Paradoxically, lower drug prices in other countries may actually LOWER drug prices in the United States.
What the drug companies are doing is called “disciminatory pricing” (not 'discriminatory in a bad way, but in the sense of not treating your customers as one bloc).
Think of it this way: How do you price a product? Let’s say you have a new CD by Warren Zevon. At what price do you sell it? Well, there are a lot of very rich Warren Zevon fans who would pay $1000 for a collection of new songs from him. But then you lose the hundreds of thousands of sales from people who can’t afford that.
On the other hand, if you sold it for $1, you could probably make millions of sales, but you’d leave a lot of money on the table from the people who would have paid more but didn’t have to.
The ultimate pricing scheme would be one where, A) you could keep people from re-selling products amongst themselves, and B) you could set the price for each person based on what the product is actually worth to them. The poor could pay $1, and the rich $10.
But in a free market, you can’t do this. You can’t sell the same product to one person at one price and another at a different price. And even if you could, you’d be immediately undercut by the poor people re-selling the product.
Nevertheless, discriminatory pricing is so valuable that manufacturers do all kinds of things to achieve it. For example, this is why Toyota has a Lexus division, and most electtronics companies take the same basic electronics, improve the specs slightly, put a different faceplate on them, and sell them as premium brands. This allows them to set one price for the wealthy, and a lower price for the poor.
If you can’t discriminate on price, you have to compromise and set a price that maximizes profit. You lose some people on the bottom who now can’t afford it, and you leave money on the table by providing the product to the rich at a price lower than they are willing to pay. But you make up for it by volume in the middle class.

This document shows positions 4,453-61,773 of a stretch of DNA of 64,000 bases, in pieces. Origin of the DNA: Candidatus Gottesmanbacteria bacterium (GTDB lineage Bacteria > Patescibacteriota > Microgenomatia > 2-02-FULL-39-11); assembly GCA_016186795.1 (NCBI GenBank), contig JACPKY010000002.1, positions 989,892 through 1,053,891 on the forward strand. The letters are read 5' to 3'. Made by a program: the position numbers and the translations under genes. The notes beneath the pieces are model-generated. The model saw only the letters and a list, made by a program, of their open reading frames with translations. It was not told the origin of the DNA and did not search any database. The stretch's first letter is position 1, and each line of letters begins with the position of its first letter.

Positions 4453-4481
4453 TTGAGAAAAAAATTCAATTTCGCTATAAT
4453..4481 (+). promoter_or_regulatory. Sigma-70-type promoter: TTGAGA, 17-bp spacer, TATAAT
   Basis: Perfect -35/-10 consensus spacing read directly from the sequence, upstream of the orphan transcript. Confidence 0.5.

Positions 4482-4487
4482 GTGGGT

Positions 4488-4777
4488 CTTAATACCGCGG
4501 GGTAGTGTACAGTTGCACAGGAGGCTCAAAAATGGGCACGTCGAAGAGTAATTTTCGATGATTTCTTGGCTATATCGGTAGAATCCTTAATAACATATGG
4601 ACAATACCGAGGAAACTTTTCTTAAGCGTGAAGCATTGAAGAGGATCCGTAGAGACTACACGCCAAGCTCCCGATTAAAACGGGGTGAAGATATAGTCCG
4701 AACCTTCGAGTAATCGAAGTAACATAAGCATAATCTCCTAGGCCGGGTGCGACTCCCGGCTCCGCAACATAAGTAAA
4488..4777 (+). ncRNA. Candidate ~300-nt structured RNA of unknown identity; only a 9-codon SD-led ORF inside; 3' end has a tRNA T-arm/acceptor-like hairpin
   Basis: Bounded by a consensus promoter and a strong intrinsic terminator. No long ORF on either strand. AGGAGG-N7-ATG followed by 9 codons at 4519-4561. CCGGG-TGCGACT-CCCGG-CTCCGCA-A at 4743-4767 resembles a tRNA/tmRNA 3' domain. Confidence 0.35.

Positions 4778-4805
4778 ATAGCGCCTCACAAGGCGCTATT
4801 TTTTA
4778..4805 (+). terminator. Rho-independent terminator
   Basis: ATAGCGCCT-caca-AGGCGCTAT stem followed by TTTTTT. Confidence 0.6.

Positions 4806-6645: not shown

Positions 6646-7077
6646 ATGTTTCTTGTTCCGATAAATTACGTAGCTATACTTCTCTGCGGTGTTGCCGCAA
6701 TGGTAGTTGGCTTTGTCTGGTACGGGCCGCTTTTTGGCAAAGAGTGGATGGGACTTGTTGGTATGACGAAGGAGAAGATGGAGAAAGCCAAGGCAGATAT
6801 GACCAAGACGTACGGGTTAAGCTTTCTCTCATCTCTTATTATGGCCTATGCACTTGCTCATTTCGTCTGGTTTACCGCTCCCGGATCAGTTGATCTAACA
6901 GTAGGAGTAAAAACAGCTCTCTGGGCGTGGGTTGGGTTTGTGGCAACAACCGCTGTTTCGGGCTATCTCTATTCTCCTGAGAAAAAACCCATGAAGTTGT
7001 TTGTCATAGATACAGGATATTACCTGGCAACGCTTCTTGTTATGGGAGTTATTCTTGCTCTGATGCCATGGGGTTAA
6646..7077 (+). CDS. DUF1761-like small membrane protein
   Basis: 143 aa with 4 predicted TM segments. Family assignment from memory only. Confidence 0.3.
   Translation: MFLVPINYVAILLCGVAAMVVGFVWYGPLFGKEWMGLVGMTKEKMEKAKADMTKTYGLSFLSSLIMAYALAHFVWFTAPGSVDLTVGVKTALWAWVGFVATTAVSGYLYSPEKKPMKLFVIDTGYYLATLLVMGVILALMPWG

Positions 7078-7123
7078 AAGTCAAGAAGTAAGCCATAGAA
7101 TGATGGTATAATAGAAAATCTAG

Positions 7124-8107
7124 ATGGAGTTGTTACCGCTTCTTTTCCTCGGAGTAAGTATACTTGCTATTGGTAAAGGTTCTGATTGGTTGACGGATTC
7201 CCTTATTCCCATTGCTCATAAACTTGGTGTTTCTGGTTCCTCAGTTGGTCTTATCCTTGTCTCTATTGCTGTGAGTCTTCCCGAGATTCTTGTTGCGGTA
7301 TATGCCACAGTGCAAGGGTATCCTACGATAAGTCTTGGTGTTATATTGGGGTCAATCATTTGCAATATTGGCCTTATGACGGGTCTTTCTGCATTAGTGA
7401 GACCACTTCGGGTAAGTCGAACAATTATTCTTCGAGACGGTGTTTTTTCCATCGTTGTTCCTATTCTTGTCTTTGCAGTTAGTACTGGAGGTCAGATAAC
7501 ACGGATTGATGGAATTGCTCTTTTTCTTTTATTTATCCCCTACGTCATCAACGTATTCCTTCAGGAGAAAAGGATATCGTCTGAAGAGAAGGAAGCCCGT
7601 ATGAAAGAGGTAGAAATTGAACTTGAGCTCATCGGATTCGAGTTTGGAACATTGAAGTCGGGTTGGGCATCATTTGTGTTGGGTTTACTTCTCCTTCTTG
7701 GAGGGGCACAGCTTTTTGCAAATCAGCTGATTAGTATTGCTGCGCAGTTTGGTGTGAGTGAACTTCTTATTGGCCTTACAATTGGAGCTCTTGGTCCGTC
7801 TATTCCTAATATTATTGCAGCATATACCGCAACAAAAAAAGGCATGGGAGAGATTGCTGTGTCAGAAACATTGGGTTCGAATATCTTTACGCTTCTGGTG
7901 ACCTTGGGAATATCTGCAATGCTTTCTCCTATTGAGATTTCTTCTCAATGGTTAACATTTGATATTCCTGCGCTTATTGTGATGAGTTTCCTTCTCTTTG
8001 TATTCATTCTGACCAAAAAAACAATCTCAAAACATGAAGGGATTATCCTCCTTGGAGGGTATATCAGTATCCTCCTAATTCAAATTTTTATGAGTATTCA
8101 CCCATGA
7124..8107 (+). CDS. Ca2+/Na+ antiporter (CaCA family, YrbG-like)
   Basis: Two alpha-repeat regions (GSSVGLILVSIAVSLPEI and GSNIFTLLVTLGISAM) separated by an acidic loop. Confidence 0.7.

Back to pharmaceutical companies. Within the United States, they can’t engage in discriminatory pricing. The market is homogenous. But borders give them the ability to set different prices, and export restrictions prevent the cheap products from moving to the high-priced areas. So this allows them to charge more in the U.S., and less in Africa. The prices in both countries are set by supply and demand, which maximizes profit.
So, what happens if the barrier goes away? Well, the company will start to face competition from its own product being sold back into the country at a lower price. How does it prevent that? Well, it can either raise prices in the other country, or lower them at home. But if both prices are set by supply and demand, the company will lose profit either way. But my guess is that the domestic market is so large that the most effective thing to do will be to simply raise prices in other countries, which will cut demand and lower sales. That in turn lowers profits.
Now, the big thing here is that the demand for these drugs in the U.S. may be relatively inelastic, which means it doesn’t move much with price. In which case, the companies may seek to regain the lost profit by raising prices in the U.S. If they can’t do that without losing enough sales to lower overall profitability, then all they can do is leave prices where they are, but factor the lower profitability into their decisions for R&D and other new drug development plans.
Either way, I don’t see re-importation resulting in widespread availability of cheaper drugs.